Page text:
The zoning ordinance (Article 2, Part 5) establishes and limits how many people can live in a single residence. In general:
- No more than one family, plus two renters, may live in one house.
- Or, no more than four unrelated people may live in one house.
However, the rules define that more than one person can live in a residence:
- One family, which may consist of one person or two or more persons related by blood or marriage with any number of natural children, foster children, step children or adopted children and with not to exceed two roomers or boarders.
- Two single parents or guardians with not more than a total of six of their dependent children, including natural children, foster children, step children or adopted children, functioning as a single housekeeping unit.
- A group of not more than four persons not necessarily related by blood or marriage functioning as a single housekeeping unit.
- A group residential facility (Group Home).
- Any group housekeeping unit which may consist of not more than 10 persons as may be approved by the Board of Zoning Appeals.
- One person or two persons one of whom shall be elderly and/or disabled, and one or both of whom own the dwelling unit, plus one family, which may consist of one person or two or more persons related by blood or marriage, and with any number of natural children, foster children, step children or adopted children.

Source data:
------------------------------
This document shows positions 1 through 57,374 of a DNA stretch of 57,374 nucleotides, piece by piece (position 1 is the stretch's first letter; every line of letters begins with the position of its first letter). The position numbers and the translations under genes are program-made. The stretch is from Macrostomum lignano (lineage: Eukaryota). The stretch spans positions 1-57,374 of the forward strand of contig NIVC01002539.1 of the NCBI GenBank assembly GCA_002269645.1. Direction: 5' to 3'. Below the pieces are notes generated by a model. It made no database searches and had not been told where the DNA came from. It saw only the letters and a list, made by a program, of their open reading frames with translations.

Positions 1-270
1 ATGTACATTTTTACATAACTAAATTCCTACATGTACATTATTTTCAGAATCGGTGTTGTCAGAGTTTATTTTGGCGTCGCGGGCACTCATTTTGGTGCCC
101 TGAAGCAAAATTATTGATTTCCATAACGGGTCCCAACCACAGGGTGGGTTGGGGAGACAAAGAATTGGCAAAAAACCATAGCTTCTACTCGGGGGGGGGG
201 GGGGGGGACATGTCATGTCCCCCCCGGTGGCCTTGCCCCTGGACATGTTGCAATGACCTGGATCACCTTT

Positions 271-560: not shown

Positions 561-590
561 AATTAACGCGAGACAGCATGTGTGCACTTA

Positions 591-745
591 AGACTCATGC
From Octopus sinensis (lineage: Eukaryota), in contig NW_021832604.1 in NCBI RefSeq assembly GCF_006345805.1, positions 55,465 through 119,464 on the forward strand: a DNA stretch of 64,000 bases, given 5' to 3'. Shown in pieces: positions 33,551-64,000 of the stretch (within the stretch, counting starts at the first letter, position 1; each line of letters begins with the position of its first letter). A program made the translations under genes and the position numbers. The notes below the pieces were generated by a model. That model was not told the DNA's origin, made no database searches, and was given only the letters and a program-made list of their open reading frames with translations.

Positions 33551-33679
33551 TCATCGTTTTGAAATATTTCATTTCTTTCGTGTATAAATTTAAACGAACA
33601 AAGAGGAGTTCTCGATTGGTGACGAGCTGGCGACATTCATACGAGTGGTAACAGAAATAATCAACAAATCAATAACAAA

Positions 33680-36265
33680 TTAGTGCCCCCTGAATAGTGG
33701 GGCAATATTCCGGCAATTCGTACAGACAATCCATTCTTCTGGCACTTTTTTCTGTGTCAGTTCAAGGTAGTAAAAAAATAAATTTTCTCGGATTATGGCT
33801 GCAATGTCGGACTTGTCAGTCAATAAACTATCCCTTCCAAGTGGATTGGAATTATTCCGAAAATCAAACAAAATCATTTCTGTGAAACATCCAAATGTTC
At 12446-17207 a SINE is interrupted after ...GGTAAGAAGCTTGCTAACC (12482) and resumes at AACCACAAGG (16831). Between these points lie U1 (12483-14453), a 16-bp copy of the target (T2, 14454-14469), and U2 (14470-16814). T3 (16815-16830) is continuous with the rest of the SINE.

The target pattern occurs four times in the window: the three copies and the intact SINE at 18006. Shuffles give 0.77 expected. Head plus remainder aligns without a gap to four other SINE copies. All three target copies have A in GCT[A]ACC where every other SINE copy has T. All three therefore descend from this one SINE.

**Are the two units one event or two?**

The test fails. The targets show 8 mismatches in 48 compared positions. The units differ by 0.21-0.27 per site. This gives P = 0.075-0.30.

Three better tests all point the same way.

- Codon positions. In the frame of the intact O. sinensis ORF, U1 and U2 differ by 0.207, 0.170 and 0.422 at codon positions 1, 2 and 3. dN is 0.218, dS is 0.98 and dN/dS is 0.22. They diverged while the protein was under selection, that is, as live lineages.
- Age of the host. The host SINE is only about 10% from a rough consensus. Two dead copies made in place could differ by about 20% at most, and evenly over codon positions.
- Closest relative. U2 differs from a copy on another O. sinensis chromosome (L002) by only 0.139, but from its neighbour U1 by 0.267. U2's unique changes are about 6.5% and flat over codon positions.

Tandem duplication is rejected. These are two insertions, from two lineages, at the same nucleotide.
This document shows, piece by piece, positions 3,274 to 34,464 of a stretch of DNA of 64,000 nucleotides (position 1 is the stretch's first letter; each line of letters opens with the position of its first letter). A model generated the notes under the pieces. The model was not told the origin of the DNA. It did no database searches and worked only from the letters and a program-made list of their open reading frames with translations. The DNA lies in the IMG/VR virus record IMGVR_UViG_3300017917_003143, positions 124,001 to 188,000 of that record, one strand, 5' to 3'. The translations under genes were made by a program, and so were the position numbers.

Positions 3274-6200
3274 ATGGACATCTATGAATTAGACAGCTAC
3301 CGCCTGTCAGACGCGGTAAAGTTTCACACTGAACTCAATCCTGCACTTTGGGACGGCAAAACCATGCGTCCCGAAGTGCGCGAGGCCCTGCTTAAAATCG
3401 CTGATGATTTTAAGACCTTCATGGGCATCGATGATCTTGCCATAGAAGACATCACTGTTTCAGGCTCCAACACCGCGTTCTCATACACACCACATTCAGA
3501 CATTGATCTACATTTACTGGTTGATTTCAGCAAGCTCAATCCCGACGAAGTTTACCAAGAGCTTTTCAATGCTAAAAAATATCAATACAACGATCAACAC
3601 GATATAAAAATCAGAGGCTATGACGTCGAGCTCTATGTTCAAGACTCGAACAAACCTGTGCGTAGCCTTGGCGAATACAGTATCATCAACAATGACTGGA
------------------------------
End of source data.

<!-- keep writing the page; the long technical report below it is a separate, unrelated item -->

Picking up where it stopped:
- A bed and breakfast, as may be approved by the Board of Supervisors, or an accessory dwelling unit subject to a special permit, as may be approved by the Board of Zoning Appeals.
MULTIPLE DWELLING UNIT
The Zoning Ordinance allows no more than one (1) dwelling unit per lot, regardless of the size of the lot, with some limited exceptions. By Zoning Ordinance definition, a dwelling unit is any accommodation where one or more rooms in a residential building or residential portion of a building are arranged, designed, used, or intended for use as a complete, independent living facility which includes permanent provisions for living, sleeping, eating, cooking and sanitation. Accordingly, the creation of a small apartment in the basement of a house or townhouse would constitute the establishment of a second dwelling unit on the lot and would be a violation of the Zoning Ordinance unless it met the criteria for one of the exceptions.